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The EU Emissions Trading Scheme (EU ETS) is a mandatory cap-and-trade scheme for carbon dioxide, which is central to the EU’s climate change target of reducing emissions by 20% by 2020. Though proposals for schemes in the US and Australia have run into difficulties, there remains the real possibility of an eventual global cap-and-trade system. Such a system would in all likelihood play a central role in reducing global emissions up to 2050. The question is: would it be effective at delivering the real and stringent cuts needed to limit climate change to safe levels?
The EU ETS sets a decreasing cap for emissions from energy intensive sectors, and allocates or auctions emissions allowances (EUAs) which can be traded on the open market. It is currently in Phase II, which imposes reductions of 6.8% compared to 2005 emissions. Phase III will run from 2013 to 2020, when over half of allowances will be auctioned, and will set an overall reduction in emissions of 1.74% per year compared to Phase II levels. This will represent a 21% reduction by 2020 in emissions for all sectors covered compared to 2005 levels.
A successful scheme and a successful market
European companies are complying with the scheme’s monitoring and reporting requirements. The emerging market in carbon has also functioned well despite a collapse in the price for Phase I allowances due to over-allocation. Point Carbon has predicted that in 2010 the EU ETS market will be trading around 5.4 billion tonnes of carbon dioxide equivalent with a value of €95 billion. This comprises about 64% of the global market.
Real emissions reductions?
Caps have been met so far but this does not necessarily translate into real cuts in emissions. For example, in Phase I there was a reduction of 4% compared to business-as-usual projections, but this was an actual increase in emissions of 38MtCO2. Carbon leakage is also an issue if companies move abroad to avoid caps, although free allocation of EUAs to at-risk sectors is being used to counteract this.
Furthermore, emitters can buy international credits (CERs) created through the Kyoto Protocol to meet up to 50% of their cap, although no country has allowed this proportion in Phase II and the UK has set a limit of 8%. The result is that actual emissions reductions within the EU are lower than those reported as part of the scheme, although in 2008 CERs were only 3.9% of those surrendered. The use of CERs has been criticised as it discourages cuts in emissions within the EU. In some cases their quality (in guaranteeing real and additional cuts in emissions) has also been questioned. This is an issue in the context of a global market: how to ensure that all allowances, wherever created, have equal carbon value?
Has the EU ETS driven investment in low-carbon technologies?
The answer is almost certainly not. The consensus is that an allowance price of at least €30 a tonne is needed to drive investment. The price reached €29 in 2008 but fell in the second half of 2008, mirroring oil prices, and is now around €15. The global fiscal crisis has also resulted in a reduction in emissions within the EU, leading to a surplus in the credits allocated for Phase II. These are bankable towards Phase III and will contribute to lower long-term carbon prices. As a result the Committee on Climate Change has revised down its 2020 forecast price from €56 to €22. This is much lower than the €100 a tonne Sir David King suggested is needed to decarbonise the economy.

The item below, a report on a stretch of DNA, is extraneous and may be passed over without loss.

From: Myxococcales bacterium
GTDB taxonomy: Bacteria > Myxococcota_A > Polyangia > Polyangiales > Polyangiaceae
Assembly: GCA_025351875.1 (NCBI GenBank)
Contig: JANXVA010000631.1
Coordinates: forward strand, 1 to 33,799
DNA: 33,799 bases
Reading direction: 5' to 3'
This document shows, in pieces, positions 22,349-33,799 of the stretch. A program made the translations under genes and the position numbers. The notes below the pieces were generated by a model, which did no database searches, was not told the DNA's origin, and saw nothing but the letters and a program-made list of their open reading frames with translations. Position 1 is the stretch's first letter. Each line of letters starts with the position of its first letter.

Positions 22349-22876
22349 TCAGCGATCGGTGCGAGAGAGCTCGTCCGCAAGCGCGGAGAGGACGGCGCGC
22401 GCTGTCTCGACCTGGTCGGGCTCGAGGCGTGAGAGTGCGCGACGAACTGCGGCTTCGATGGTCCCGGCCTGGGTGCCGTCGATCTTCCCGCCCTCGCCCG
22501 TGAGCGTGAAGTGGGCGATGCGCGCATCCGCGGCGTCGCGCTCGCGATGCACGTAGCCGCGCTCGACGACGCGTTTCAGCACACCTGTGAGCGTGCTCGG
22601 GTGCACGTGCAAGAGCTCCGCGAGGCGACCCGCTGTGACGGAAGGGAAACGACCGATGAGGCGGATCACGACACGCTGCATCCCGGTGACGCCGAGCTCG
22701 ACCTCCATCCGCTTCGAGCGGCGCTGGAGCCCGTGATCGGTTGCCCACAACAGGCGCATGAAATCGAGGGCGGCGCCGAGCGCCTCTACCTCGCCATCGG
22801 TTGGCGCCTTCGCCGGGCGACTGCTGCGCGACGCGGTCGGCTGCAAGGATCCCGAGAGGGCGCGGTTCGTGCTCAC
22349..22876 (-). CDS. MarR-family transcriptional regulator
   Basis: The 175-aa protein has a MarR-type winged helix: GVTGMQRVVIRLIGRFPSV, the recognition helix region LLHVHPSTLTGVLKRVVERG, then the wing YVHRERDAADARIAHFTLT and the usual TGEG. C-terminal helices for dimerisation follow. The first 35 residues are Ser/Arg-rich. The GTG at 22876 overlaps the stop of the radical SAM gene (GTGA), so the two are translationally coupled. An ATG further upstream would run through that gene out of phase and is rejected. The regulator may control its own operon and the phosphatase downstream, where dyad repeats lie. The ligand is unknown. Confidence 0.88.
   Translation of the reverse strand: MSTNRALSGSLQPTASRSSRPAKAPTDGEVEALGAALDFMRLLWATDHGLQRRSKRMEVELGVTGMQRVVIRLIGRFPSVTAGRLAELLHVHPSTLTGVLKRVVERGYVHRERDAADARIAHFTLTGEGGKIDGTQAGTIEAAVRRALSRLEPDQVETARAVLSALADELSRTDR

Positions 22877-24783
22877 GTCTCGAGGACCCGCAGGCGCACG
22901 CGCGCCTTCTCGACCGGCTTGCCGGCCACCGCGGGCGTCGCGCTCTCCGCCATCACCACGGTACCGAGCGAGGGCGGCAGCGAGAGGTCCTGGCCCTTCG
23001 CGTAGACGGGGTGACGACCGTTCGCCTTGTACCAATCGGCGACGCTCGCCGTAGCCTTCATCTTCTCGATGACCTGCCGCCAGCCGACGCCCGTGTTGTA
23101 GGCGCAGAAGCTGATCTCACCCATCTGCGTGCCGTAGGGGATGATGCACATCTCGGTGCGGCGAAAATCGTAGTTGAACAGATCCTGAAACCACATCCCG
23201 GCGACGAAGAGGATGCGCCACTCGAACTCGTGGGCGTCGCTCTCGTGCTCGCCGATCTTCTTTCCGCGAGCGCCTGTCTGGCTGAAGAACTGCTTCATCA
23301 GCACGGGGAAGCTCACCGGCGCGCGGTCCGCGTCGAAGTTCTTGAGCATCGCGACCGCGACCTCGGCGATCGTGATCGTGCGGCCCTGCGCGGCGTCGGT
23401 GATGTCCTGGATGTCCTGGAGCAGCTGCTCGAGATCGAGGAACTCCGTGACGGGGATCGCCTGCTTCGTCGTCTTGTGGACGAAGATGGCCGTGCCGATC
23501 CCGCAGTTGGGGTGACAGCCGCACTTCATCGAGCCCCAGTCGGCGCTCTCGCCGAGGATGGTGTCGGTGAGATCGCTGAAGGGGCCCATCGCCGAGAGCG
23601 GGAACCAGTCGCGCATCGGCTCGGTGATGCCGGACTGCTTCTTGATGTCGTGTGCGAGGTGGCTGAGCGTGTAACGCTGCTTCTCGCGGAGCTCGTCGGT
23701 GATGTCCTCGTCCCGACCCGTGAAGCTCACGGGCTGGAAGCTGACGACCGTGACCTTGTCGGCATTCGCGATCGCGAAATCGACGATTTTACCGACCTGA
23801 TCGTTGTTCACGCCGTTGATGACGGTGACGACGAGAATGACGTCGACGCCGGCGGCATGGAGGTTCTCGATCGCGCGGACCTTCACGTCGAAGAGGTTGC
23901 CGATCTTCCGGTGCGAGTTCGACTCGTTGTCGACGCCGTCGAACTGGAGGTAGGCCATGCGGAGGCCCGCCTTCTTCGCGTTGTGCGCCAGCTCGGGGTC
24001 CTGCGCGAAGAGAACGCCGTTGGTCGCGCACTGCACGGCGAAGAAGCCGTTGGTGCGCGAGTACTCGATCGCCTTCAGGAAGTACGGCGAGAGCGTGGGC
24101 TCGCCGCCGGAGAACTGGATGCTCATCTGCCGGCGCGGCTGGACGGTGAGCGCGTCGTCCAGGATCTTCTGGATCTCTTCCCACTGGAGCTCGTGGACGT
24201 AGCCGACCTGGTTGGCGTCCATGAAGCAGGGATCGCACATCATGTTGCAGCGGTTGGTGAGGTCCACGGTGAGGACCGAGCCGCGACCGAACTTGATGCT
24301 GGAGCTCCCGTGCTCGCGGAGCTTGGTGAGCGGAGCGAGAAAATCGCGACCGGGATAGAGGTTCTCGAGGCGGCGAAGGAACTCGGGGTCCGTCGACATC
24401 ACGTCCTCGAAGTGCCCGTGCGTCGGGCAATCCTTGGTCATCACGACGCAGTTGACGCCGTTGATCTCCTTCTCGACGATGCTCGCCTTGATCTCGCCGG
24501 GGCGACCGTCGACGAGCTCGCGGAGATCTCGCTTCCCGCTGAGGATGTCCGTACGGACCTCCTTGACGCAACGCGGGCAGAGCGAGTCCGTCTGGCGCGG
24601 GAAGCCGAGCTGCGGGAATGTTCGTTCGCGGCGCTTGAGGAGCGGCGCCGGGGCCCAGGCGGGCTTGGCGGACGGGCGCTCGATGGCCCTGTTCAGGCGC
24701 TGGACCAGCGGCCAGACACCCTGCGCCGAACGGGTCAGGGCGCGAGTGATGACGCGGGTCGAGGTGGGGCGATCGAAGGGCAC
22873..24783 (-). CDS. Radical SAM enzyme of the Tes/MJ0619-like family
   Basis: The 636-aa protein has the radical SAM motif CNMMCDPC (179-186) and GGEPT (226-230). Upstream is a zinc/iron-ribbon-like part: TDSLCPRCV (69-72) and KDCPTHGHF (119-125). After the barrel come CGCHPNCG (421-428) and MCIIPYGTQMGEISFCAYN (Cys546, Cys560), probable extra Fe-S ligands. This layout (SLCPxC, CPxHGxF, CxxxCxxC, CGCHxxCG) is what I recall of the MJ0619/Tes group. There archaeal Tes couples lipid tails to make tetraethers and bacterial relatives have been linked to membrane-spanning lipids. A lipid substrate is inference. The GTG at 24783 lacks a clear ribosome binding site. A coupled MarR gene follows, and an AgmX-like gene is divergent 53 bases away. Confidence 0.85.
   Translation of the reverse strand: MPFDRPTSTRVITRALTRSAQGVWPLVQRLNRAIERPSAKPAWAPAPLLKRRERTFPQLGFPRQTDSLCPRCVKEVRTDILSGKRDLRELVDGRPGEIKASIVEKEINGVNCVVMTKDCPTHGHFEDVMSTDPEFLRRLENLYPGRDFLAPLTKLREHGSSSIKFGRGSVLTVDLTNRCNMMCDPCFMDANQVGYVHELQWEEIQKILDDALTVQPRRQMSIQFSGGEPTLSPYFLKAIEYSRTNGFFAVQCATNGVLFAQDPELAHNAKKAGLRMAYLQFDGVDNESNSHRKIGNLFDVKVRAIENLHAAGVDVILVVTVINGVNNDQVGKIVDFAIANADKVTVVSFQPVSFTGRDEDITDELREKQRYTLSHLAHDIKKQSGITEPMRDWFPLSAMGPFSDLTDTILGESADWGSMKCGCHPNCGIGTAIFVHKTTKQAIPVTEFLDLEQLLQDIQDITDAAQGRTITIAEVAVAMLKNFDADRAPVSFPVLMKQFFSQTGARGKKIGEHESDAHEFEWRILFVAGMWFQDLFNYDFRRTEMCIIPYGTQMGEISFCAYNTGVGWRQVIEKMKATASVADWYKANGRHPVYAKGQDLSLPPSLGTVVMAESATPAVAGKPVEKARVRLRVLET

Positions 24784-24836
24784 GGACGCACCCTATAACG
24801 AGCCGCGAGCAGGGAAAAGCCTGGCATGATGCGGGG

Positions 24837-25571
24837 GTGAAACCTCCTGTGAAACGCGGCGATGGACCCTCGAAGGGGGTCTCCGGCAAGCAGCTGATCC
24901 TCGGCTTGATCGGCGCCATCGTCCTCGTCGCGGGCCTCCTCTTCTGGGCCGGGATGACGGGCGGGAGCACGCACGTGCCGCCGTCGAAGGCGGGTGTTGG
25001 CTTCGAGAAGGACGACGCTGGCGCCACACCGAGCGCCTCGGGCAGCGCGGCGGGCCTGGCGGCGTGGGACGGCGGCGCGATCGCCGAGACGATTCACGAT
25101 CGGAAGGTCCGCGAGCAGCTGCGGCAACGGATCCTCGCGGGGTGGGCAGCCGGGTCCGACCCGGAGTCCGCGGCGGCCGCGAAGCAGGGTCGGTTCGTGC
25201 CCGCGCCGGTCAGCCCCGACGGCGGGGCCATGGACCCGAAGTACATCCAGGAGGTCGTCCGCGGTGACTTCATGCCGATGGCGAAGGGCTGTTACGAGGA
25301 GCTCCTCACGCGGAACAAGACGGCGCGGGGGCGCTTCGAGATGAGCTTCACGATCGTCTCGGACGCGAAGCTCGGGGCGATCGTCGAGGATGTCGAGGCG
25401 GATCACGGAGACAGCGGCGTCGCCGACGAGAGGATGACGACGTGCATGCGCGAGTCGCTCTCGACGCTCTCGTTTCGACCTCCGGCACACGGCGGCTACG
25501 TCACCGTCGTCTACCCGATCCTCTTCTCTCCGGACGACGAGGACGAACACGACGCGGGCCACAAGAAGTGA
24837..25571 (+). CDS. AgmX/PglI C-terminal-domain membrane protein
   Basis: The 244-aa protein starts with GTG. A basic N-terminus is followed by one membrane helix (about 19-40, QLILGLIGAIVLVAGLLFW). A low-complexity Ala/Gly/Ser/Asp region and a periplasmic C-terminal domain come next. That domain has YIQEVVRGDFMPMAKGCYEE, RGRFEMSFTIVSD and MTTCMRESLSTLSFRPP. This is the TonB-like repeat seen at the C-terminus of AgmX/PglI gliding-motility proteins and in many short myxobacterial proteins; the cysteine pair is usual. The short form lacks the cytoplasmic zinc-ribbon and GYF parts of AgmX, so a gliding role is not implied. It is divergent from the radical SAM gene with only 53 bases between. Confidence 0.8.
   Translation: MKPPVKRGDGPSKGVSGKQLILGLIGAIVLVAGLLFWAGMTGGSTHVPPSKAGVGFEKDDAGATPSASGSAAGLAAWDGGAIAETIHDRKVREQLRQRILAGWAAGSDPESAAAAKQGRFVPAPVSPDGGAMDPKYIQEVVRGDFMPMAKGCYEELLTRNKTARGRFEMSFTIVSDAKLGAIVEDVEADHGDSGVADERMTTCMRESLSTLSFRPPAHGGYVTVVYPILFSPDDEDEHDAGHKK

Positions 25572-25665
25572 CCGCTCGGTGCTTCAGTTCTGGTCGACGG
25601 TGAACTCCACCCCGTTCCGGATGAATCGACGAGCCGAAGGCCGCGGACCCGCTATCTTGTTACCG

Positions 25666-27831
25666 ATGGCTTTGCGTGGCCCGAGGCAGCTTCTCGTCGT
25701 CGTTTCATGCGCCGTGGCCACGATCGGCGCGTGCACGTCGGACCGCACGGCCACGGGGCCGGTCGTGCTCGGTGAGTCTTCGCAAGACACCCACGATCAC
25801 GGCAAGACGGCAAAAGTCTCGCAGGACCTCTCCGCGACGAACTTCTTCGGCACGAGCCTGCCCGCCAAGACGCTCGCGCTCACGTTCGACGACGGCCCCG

A floor price for carbon
The Labour Government’s view was that the carbon price is irrelevant, as the important factor is achieving the emission reductions imposed by the caps. However, it did concede that the current price is too low to drive investment. Arguably, the need for a floor price would be removed if the cap on emissions was stringent enough to keep prices high and more stable, particularly if combined with a minimum price for auctioned allowances.
Other options to intervene in the market could involve either:
- A guaranteed floor price for carbon, although the issue is how it would be financed. This is the approach supported by the new Government, together with a move towards the full auctioning of permits.
- Combining the scheme with a carbon tax that would kick in if prices fell too low. An EU-wide carbon tax has not been a popular idea in the past but it has been mooted again recently.
Before the fiscal crisis and the difficulties in the US over their proposed climate bill, it was generally thought that an increase in the global coverage of cap-and-trade, through the linking of proposed schemes, was only a matter of time. Have the global recession and a lack of confidence in the ability of financial markets to deliver desired outcomes, combined with the failure to reach agreement at Copenhagen, made this – in the short term at least – an unrealistic expectation?